The Influential Gustav Klimt
The year was 1892. Artists in Austria were growing weary with the societal norms they felt were restricting their creative ambitions to traditionalism and historicism. Many were ready to resign from the Association of Austrian Artists and strike out on their own. Resign they did, under the leadership of none other than Gustav Klimt.
Then just thirty years old, Gustav Klimt was a new breed of the artist; a painter who delved into deep symbolism and subjects previously thought too taboo for public displays of art. He was the founder of the Vienna Secession movement and the first president of the Union of Austrian Artists. But Klimt was far more than just his politics; he was an outstanding artist in his own rite.
Klimt’s style was very traditional in his early years. It wasn’t until after the deaths of his father and brother that he embraced a new lifestyle and the artistic interpretation for which he is now famous.
About the time Klimt began experimenting with less traditional art, psychiatrist Sigmund Freud was turning Austria upside down with his new theories regarding psychoanalysis and human sexuality. Klimt was an avid follower of Freud, being heavily influenced by him in his own art.
The favourite subject of Klimt’s painting was the female body. Combining that subject with his admiration for Freud led Klimt to produce a lot of work with an underlying theme of eroticism. Some of his work, like his Frau bei der Selbstbefriedigung (Masturbation) sketch, was even labelled pornography.
Despite the controversial nature of both Klimt and the Vienna Secession, the artist went on to great fame after his death in 1918. Today he is still considered one of the most influential artists of the Austrian Art Nouveau movement.
His most famous works include:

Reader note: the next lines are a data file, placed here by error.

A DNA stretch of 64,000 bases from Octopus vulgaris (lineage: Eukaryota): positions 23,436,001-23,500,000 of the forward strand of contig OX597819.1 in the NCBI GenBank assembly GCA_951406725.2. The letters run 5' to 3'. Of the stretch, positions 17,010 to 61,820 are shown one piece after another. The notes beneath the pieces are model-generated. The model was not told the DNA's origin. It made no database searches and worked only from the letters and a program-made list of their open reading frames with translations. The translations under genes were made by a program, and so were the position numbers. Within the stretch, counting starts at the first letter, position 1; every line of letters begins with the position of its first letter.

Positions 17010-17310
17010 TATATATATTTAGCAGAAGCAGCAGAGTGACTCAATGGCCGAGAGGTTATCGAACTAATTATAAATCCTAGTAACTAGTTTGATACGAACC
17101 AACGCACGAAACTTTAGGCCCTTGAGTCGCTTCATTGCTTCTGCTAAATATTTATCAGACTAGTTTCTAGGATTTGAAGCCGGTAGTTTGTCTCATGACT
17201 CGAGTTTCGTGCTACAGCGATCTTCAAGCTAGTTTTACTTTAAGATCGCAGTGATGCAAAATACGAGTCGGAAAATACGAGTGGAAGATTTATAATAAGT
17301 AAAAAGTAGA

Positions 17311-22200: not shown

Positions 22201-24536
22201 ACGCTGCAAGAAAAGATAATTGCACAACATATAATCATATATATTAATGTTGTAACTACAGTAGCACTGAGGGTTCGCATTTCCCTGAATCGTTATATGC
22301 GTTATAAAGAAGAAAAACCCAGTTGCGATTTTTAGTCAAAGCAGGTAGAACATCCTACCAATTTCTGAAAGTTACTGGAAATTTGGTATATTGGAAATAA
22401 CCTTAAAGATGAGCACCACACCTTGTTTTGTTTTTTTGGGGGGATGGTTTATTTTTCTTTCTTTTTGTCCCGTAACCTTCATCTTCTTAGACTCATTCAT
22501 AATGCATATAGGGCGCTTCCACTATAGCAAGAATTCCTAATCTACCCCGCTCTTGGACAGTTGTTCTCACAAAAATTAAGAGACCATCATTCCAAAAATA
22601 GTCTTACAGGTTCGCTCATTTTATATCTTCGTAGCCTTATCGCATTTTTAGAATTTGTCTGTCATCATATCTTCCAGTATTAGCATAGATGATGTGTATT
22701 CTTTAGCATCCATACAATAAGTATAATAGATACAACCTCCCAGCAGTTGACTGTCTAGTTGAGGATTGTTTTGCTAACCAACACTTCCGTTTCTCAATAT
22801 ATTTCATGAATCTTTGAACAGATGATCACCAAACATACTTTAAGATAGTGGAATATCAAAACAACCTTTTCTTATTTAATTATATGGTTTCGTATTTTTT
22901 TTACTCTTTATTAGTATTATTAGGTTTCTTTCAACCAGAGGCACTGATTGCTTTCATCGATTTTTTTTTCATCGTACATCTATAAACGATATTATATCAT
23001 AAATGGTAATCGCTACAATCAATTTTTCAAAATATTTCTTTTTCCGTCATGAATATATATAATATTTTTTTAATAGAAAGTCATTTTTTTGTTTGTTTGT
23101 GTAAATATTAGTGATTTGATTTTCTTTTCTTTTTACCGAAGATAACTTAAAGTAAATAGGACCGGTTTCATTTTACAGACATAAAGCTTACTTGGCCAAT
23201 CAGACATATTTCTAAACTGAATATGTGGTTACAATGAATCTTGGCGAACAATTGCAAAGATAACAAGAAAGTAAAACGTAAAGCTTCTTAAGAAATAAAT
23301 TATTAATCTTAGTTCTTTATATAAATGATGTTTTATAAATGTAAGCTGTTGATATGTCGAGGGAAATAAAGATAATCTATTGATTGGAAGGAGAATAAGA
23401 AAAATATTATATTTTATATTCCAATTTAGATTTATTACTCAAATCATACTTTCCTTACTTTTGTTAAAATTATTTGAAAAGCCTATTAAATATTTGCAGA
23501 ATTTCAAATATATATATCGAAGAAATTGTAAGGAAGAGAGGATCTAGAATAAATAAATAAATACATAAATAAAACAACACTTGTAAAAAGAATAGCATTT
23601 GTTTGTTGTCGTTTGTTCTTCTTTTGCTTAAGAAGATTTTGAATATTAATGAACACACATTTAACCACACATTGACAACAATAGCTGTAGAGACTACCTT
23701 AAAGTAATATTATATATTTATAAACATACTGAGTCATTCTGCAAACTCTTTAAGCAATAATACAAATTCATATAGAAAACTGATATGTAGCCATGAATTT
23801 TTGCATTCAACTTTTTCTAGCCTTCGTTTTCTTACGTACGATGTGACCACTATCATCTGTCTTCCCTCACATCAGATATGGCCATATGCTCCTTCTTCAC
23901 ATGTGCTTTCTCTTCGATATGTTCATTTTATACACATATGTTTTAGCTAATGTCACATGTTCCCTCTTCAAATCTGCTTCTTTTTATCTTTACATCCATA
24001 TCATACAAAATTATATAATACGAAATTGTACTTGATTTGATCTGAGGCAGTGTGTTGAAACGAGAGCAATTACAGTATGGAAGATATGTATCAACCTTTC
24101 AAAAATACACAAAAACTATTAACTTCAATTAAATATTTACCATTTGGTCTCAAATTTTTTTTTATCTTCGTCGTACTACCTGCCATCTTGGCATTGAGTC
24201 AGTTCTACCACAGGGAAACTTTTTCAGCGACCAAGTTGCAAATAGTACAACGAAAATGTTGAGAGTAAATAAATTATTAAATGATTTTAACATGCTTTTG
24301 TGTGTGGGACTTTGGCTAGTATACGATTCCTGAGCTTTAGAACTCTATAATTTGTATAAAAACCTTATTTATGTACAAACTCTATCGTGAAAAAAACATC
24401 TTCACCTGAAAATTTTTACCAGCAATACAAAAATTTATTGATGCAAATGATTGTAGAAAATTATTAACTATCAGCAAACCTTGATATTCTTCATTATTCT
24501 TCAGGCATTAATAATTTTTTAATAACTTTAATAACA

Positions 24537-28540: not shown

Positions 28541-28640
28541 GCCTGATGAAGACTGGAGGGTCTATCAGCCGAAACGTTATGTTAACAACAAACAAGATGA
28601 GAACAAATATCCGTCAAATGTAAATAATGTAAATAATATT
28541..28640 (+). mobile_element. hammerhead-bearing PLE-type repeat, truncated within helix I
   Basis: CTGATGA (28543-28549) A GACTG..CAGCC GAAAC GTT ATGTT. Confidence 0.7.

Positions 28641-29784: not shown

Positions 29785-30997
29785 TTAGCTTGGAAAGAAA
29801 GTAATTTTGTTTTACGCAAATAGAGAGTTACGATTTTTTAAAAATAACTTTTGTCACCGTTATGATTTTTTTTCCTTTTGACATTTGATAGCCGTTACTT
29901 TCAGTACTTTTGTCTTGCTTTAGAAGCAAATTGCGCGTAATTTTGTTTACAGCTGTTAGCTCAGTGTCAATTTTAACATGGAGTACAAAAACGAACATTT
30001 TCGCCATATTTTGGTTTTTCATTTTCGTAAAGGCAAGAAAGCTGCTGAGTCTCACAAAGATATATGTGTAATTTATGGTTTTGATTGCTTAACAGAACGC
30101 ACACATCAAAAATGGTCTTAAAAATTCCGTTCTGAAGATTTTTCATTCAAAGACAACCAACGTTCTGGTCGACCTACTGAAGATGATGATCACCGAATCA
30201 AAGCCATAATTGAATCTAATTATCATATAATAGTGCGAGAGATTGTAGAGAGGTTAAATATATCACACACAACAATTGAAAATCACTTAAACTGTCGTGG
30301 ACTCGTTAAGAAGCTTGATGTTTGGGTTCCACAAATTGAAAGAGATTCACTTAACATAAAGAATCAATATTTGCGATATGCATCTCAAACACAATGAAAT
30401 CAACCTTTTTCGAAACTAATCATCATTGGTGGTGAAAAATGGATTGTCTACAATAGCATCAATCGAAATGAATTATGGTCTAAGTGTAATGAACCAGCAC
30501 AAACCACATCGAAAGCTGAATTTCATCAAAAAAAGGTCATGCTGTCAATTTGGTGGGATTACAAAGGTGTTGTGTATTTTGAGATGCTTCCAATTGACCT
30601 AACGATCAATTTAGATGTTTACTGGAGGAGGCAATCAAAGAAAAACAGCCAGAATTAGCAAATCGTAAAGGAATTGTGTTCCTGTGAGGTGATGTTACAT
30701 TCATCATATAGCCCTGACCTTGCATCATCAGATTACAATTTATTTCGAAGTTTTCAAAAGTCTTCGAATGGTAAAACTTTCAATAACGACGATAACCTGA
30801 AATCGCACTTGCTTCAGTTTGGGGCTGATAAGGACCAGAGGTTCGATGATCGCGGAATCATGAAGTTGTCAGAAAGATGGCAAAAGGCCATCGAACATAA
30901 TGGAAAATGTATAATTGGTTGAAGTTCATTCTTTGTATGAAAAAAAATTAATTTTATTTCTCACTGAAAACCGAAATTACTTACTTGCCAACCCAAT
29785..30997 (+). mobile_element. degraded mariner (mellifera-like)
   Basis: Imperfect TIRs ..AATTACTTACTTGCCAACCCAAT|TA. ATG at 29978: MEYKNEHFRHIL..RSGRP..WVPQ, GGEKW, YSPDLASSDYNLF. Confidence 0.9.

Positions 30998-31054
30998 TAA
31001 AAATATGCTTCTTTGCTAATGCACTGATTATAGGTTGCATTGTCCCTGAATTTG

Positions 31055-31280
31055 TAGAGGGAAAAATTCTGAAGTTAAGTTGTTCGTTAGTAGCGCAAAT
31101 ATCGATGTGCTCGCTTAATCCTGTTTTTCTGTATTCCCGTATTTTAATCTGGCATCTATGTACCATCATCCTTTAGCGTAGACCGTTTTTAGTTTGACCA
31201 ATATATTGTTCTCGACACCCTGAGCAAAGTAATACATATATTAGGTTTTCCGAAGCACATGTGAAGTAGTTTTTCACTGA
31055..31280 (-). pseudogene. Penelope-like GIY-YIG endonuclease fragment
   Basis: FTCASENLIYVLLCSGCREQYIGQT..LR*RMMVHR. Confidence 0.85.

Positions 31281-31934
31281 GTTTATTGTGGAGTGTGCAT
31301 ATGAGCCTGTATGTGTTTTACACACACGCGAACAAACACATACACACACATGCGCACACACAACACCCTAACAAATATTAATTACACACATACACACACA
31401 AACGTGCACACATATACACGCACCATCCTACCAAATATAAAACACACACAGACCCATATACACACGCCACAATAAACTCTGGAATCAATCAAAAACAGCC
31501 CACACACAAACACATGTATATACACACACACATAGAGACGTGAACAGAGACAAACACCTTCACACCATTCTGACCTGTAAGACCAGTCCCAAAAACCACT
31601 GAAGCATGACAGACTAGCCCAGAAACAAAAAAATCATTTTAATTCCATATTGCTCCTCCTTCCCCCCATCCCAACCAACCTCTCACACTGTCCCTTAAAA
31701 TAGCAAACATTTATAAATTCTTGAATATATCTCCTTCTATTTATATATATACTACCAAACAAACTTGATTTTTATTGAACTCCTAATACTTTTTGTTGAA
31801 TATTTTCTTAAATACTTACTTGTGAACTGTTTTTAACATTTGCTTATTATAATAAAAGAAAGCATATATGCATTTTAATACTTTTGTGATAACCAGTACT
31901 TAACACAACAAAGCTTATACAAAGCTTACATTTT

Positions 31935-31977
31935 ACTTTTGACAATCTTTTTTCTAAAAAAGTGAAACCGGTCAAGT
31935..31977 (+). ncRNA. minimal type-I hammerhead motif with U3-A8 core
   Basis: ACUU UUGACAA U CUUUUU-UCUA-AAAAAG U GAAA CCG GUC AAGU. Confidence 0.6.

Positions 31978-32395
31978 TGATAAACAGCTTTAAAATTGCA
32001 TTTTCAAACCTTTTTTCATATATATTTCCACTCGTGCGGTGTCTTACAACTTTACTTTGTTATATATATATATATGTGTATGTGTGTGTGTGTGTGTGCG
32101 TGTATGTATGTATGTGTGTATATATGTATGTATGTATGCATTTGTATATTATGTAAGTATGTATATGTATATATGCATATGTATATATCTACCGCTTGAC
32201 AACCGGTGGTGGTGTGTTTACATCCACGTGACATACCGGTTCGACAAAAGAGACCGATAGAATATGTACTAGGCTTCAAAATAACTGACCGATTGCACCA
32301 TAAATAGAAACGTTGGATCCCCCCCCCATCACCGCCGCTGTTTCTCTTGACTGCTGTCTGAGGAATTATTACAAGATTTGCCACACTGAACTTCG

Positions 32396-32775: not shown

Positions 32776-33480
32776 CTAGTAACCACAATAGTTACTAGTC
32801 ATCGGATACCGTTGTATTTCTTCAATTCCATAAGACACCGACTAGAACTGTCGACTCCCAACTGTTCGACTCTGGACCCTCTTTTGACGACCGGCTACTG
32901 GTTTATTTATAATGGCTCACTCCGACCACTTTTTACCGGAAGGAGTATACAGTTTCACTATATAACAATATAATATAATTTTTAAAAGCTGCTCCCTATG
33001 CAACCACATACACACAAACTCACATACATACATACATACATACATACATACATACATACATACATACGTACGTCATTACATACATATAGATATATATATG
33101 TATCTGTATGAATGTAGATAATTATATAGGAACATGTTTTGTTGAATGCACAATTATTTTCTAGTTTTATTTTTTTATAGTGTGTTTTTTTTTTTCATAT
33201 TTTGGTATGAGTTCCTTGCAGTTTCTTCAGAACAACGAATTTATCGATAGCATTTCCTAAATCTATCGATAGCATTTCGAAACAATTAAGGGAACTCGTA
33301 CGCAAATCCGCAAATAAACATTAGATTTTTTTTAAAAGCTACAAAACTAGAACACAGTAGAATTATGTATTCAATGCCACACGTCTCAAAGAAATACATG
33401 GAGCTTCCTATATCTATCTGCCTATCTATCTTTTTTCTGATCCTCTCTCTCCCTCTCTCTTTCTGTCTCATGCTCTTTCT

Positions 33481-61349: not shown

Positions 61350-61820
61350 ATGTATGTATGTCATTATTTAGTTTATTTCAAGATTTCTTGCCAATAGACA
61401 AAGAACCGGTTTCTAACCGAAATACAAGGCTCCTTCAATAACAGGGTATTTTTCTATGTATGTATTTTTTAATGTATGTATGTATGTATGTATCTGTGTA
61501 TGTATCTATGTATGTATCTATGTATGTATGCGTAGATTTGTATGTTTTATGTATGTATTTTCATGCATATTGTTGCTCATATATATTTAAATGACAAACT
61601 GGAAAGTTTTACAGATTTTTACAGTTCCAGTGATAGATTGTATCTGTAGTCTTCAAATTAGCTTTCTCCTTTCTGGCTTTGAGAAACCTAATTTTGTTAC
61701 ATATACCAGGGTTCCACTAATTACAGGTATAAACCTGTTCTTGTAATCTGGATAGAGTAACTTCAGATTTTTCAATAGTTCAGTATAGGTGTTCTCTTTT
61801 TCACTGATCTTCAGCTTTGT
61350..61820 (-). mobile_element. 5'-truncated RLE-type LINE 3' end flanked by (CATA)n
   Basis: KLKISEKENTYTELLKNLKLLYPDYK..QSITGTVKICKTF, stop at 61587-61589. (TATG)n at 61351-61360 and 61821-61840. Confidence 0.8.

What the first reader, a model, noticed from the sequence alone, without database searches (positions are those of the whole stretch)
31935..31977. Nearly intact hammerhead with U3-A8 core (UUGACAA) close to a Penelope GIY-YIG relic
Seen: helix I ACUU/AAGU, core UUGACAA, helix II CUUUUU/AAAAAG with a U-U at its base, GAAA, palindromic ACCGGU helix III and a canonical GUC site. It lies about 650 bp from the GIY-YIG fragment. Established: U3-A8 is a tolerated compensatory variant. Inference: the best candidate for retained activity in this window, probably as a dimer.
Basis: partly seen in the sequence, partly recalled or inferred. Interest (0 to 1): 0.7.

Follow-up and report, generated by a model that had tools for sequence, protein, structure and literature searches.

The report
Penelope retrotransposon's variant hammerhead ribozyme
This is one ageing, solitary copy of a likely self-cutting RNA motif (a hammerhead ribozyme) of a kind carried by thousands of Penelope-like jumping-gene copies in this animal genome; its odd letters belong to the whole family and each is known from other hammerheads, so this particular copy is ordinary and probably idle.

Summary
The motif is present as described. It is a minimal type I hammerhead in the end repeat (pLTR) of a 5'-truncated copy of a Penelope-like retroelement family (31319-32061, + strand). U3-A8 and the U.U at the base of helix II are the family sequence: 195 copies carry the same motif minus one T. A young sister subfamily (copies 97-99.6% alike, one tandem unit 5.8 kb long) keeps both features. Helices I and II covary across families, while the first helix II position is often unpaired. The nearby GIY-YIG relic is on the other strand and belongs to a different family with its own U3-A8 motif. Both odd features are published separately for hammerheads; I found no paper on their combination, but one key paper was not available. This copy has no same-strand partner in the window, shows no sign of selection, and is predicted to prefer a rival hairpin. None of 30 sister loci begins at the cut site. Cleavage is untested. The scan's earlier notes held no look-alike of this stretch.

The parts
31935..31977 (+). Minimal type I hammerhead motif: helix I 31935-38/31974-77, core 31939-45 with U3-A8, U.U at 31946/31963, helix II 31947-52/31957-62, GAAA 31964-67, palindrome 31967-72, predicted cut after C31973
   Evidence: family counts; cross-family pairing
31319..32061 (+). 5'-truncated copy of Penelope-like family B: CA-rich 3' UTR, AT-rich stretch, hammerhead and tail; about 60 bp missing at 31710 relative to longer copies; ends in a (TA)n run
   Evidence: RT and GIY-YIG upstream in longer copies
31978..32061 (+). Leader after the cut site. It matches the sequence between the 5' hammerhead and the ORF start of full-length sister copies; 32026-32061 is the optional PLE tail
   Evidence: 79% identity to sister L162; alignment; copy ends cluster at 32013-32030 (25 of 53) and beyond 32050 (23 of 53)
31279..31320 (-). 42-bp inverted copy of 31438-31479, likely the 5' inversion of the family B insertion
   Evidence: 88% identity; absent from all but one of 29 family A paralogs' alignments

The Kiss – This work is regarded by many experts as the most important of Klimt’s career. The painting’s thought-provoking imagery and intricate layers make it a favourite of art lovers around the world. It is currently being displayed in Vienna.
Judith and the Head of Holofernes – Created in 1901, Judith and the Head of Holofernes is also known as “Judith I” in light of the fact that Klimt painted a second Judith work in 1909. Judith I tackles the Biblical character of the same name in a way that shows her as both a woman to be desired and one who is slightly deviant at the same time.
Avenue in the Park of Schloss Kammer – This painting is a departure from the darker and more sexual themes often painted by Klimt. It depicts a very beautiful scene of tall trees along an avenue.
Beethoven Frieze – Klimt painted Beethoven Frieze directly on the walls of the Vienna Secession Hall as his contribution to the 14th Vienna Secessionist exhibition. It was to be a work honouring sculptor Max Klinger; a man whom Klimt highly respected. Though it was intended to be temporary, the mural has lived on and is now on permanent display.
Portrait of Adele Bloch-Bauer I – This 1907 portrait is considered by some to be the premier piece of Klimt’s “golden years.’ It took three years to complete, in oil and gold, and was commissioned by Austrian industrialist Ferdinand Bloch-Bauer.